Posts: 731

    Jul 28, 2008 10:58 PM GMT
    Actually, I tried that and it only led to many more years in the closet. I came home from school one day (3rd or 4th grade) crying because the kids at school were calling me 'gay' and 'faggot'. I asked my parents what they meant.
    So, they told me that being gay is a very bad thing that two men did (obviously they didn't go too far into detail given my age). And that it is a sin, and gays are going to hell. They asked why I thought people were saying this, and I said because all my friends were girls. My dad came up with the genius excuse that I was simply getting a head start on understanding girls and would be quite the ladies' man later on.
    Then I cried some more, and we all prayed, and the denial sunk ever deeper.
  • GQjock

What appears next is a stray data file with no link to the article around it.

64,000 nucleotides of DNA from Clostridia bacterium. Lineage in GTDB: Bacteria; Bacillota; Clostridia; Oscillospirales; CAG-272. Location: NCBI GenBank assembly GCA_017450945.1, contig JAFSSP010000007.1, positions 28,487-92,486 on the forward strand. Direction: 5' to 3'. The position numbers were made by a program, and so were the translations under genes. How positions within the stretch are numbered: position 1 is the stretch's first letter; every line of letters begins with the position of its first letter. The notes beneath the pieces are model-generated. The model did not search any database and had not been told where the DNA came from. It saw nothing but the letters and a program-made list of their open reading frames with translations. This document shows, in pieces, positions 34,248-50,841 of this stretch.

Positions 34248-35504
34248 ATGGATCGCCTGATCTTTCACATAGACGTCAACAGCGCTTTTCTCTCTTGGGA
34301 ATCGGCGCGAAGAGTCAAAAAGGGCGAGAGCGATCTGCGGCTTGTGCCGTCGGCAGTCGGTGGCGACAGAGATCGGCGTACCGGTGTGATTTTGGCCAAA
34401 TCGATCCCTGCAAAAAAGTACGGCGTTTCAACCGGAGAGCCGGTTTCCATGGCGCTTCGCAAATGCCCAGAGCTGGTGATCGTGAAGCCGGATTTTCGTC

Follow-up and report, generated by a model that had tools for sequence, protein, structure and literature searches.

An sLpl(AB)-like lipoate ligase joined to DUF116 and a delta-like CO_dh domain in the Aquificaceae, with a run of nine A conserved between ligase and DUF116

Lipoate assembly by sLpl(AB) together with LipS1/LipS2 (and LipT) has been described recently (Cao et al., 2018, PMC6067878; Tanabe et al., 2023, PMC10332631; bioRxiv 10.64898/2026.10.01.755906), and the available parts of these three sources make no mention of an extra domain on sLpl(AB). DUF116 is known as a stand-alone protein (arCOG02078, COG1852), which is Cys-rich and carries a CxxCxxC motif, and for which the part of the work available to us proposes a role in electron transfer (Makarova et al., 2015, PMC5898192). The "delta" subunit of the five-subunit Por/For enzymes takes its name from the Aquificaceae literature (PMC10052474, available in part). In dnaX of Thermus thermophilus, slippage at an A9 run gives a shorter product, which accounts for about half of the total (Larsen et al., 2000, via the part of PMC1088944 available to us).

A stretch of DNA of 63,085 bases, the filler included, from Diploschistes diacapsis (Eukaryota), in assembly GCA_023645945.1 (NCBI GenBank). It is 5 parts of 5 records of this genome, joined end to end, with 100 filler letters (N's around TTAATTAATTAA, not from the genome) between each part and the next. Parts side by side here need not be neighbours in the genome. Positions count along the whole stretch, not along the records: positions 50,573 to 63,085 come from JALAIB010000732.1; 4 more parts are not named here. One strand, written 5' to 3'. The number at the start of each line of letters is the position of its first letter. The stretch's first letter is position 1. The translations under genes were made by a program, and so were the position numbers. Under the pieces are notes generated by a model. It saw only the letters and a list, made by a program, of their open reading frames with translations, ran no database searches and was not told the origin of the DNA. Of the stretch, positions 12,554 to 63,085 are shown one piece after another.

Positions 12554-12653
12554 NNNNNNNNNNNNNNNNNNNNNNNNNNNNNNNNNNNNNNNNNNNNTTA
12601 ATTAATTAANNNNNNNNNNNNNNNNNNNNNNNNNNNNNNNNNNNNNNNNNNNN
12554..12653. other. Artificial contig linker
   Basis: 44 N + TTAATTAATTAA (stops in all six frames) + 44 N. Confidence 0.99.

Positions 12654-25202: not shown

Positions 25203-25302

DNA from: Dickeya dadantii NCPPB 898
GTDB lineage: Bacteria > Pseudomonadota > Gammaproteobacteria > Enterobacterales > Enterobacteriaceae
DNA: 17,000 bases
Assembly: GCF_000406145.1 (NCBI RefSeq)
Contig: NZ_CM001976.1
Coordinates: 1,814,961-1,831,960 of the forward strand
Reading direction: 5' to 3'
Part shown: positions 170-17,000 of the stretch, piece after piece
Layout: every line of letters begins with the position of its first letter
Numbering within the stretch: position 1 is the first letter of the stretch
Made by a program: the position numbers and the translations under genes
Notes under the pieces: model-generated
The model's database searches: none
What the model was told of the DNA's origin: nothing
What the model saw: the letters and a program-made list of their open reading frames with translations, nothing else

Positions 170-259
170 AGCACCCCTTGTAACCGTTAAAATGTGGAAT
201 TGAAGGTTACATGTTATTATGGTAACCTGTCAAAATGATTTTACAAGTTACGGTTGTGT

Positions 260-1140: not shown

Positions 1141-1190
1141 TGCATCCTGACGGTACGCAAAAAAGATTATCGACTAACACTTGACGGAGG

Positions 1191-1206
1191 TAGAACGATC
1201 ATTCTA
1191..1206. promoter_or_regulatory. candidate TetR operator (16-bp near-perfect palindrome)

Posts: 11649

    Jul 28, 2008 11:05 PM GMT
    Also when I was growing up..
    my parents would repeat some really off color bad gay jokes every once in a while
    They had no idea really what they were saying
    But I'd hear them and I'd think.... Is that what they think of me?
    and Guys in junior and senior high... would joke around and call that guy a fag
    or him gay... if he couldn't catch a ball
    after all of that taken in it only served to make me all the more closeted for years to comeicon_sad.gif
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    Jul 28, 2008 11:11 PM GMT
    Here's why . . . up until the 7th grade I made straight 'A's on my report card most every time. Hardly ever a 'B', even.

    Then in the 7th grade, I got a. . . 'C'. . . OMG!!!!(in math). AND YOU WOULD'VE THOUGHT I HAD KILLED SOMEBODY. They treated me like garbage for weeks afterwards. (Actually they were always crappy to me, this was simply worse).

    Can you imagine what would've happened if I had told them I WAS GAY?!?!?!?!?!?!?!?!?!?!